These functions are rather complicated beasts to tackle, in part because high-dimensional spaces are immensely vast. The number of points in these spaces grows exponentially with the dimension! (think about the formula for length versus area versus volume…) So it gets rather unweildy to characterize the behavior of a function everywhere in a high-dimensional space. Thankfully, we typically (!) don't need to understand the behavior everywhere, because we only care about particularly nice regions of the space. In the example of many-body-physics, we expect that the trajectory will settle down and stay around a minimum of the potential energy surface, in much the same way that a bale of hay will roll to the bottom of a valley. (There are many caveats to this statement that I will ignore for simplicity.) In the example of statistical learning, we only care about the ‘‘best’’ choices of parameters that fit the data well, corresponding to regions of parameter space where the loss function is small. In both of these cases, all we care about is how a function behaves in a region of space around a minimum.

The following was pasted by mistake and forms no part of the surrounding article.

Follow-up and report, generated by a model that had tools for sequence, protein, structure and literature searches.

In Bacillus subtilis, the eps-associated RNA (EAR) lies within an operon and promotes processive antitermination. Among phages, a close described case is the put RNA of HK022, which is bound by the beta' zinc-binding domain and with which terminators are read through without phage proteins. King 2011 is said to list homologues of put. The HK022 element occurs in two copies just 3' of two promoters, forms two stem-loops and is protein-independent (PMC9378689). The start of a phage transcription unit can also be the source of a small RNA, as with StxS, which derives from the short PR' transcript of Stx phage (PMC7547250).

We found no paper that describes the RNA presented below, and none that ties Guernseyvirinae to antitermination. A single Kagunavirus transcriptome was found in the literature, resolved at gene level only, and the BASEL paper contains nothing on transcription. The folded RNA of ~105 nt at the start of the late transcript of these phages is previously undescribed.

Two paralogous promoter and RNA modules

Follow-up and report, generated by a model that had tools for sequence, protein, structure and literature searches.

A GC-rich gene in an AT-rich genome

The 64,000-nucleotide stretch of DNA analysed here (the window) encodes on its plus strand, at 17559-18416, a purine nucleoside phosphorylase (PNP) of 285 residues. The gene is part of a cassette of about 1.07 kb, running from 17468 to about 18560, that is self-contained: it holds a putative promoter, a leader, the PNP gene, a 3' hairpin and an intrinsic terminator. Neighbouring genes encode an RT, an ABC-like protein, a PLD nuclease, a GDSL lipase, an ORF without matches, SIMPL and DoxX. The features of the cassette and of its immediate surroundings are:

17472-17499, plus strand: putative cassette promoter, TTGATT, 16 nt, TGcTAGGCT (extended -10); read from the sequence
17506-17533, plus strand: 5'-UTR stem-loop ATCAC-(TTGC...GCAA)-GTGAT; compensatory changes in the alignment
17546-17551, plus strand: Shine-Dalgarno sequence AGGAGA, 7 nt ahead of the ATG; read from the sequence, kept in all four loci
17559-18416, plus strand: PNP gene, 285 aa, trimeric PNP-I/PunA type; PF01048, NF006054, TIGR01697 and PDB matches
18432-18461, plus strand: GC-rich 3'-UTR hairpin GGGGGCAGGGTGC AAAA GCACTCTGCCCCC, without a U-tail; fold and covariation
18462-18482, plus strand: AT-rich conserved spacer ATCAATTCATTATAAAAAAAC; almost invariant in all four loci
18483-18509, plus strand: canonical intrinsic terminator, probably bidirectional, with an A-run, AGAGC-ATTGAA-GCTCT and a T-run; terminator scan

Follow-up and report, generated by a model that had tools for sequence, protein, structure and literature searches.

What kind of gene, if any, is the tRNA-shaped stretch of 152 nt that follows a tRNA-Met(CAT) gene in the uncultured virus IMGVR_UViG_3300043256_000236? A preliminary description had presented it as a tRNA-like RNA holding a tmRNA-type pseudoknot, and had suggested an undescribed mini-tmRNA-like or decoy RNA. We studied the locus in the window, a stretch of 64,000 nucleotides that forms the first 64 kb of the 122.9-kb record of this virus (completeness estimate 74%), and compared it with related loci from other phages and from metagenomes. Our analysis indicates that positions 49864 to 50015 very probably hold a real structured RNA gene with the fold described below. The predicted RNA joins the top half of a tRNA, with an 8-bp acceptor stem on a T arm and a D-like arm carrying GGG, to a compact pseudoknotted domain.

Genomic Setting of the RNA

For the rest of this blog post, we will be examining how multi-dimensional functions behave in the neighborhood of a local minimum.

Mr. Taylor

We first review the mathematical language of functions of many variables. The takeaway of this section is that functions look like quadratic forms near their local minima.

One dimension

We begin with a function of a single variable f(x), and then we will generalize to higher dimensions.

Let x be a point on a 1D line, and f be a (smooth) function over the line. We want to study the behavior of f in the vicinity of a particular point x_0. In general, f might be a pretty complicated function, but if we zoom into the neighborhood of x_0, we have a better hope of understanding its local behavior.

Near this point, we can express x as x = x_0 + eta, where eta is a small displacement. Mr. Taylor tells us that the local behavior around x_0 is described by

 f(x) approx f(x_0) + f'(x_0) eta + frac 1 2 f''(x_0) eta^2 + O(eta^3)

Each successive term in the approximation gives you a better and better estimate of how f(x) behaves near x_0: